More than 5,000 veterans are in recovery after becoming infected with the coronavirus, the Department of Veterans Affairs reported this week in its first public count of recovered patients.
As of Wednesday, 5,185 veterans and 760 VA employees were in recovery from the virus — about 65% of the department’s nearly 10,000 cases. The department defined being in recovery as having been discharged from the hospital or having made it 14 days after a positive coronavirus test and not needing hospitalization.
The number of recoveries was included in the VA’s dataset starting Monday, following a nearly four-day period during which the department posted no public updates about its coronavirus cases. VA Secretary Robert Wilkie said in a statement that the data now shows “all known COVID-19 cases that are tested or treated in VA facilities.”
According to the new data, the VA’s death toll jumped 62% in one week, from 482 on April 29 to 779 on Wednesday. Besides VA inpatients, the count now includes VA patients who died at their homes or in community hospitals. Previously, those veterans were omitted from the department’s data.
The death toll doesn’t include VA employees. In a separate datasheet, the VA reported that 24 employees had died of the virus as of Tuesday.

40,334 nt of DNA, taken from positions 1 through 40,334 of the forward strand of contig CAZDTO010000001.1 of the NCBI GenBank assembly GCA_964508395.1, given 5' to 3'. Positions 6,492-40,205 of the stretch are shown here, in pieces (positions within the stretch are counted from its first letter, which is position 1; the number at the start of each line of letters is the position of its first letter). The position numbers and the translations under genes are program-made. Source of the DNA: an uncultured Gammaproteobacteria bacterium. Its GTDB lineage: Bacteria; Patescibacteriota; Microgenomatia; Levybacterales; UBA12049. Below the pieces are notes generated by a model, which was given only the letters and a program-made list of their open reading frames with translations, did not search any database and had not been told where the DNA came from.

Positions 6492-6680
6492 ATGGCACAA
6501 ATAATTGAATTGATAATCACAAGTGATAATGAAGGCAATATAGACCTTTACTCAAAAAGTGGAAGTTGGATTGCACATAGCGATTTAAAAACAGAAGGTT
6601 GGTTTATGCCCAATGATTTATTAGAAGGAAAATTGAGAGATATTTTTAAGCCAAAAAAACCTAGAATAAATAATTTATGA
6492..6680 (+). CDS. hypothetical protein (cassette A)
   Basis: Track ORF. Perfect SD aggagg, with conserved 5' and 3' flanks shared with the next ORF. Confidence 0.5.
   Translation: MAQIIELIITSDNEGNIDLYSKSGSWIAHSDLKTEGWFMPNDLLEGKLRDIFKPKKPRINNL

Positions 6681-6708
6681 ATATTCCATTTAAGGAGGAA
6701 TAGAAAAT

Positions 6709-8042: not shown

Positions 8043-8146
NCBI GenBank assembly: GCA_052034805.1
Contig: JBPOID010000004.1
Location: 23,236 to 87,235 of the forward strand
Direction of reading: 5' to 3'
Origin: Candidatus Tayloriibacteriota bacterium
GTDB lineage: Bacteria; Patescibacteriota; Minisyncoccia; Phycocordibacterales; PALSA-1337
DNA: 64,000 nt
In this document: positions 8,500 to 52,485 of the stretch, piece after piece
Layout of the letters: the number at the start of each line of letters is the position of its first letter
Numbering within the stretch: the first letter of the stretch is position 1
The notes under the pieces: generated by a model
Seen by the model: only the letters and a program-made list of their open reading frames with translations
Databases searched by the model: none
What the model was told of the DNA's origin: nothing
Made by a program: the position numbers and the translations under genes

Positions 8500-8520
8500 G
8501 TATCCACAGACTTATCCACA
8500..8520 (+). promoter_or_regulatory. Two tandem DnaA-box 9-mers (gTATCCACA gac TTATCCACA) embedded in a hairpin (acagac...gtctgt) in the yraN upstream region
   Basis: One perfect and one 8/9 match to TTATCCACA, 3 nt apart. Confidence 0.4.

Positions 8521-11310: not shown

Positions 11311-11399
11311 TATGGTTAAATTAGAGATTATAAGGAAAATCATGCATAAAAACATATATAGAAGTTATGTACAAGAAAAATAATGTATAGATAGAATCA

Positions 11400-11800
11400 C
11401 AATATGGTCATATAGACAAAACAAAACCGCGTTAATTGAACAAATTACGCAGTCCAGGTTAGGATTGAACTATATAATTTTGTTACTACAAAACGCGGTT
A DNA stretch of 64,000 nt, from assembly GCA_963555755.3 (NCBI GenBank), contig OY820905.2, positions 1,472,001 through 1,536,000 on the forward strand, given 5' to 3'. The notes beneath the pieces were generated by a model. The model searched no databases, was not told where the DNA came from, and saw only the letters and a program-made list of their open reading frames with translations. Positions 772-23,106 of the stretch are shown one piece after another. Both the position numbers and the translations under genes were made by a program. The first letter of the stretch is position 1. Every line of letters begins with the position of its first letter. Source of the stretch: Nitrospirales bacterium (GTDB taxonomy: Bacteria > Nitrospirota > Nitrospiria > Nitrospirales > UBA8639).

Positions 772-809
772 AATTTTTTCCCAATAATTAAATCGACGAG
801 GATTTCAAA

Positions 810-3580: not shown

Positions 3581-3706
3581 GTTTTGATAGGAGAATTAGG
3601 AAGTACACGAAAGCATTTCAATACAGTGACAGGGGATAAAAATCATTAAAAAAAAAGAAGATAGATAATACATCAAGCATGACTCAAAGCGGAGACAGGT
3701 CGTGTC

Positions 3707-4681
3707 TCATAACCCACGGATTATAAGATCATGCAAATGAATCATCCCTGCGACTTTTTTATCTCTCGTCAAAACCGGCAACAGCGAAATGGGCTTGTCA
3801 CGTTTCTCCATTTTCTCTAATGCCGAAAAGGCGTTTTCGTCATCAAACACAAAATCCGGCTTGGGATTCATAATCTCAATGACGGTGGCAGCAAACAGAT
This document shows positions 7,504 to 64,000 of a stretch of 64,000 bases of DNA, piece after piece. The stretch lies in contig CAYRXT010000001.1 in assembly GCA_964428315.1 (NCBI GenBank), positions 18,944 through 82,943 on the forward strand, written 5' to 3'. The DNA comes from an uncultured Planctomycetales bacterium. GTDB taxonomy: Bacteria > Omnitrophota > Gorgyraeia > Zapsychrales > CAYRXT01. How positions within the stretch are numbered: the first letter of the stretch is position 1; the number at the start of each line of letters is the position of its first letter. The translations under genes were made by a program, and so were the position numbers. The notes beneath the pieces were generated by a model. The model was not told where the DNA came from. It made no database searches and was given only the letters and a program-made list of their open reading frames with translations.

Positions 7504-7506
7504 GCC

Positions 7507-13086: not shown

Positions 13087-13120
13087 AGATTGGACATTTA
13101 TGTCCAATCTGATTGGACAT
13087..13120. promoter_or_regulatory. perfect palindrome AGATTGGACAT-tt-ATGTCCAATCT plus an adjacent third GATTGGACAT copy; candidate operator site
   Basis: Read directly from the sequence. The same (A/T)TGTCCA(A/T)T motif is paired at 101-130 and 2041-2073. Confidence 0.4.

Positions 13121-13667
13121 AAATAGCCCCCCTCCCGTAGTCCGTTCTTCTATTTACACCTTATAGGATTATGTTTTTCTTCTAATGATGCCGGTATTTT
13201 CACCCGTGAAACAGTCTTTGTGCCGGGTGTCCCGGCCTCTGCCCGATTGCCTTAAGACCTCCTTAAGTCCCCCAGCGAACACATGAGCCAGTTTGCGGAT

During the same week, the total number of positive cases increased from 7,903 to 9,823. In addition to veterans and employees, the VA added in other people who were admitted to VA hospitals, including civilians, Tricare patients and active duty service members.
Thousands of veterans remain hospitalized with the virus. The New Jersey VA Health Carey System had 283 active cases as of Wednesday, followed by the New York Harbor Health Care System and the Philadelphia Health Care System, which each had 140. The North Chicago VA Health Care System and the VA in Washington, D.C., were each treating more than 100 coronavirus patients Wednesday.
The New York Harbor system, which encompasses parts of New York City, had experienced the most deaths, with 86. In New Jersey, 71 veterans had died, and 59 veterans had died at the Bronx VA. New Orleans, Detroit, Boston and Indianapolis each reported more than two dozen deaths at their facilities.
As part of its “fourth mission” to serve as America’s backup medical system during national crises, the department is helping to treat civilian patients in 38 states.
The VA has focused some of those efforts toward nursing homes, many of which have experienced outbreaks of the virus. More than 80 VA medical workers were sent to aid 26 nursing homes in Florida, and 90 VA nurses went to help two nursing homes in New Jersey. Other staff were sent to state-run nursing homes in Alabama, Massachusetts and Tennessee.
The department committed to opening 1,500 beds at VA hospitals to treat civilian patients.
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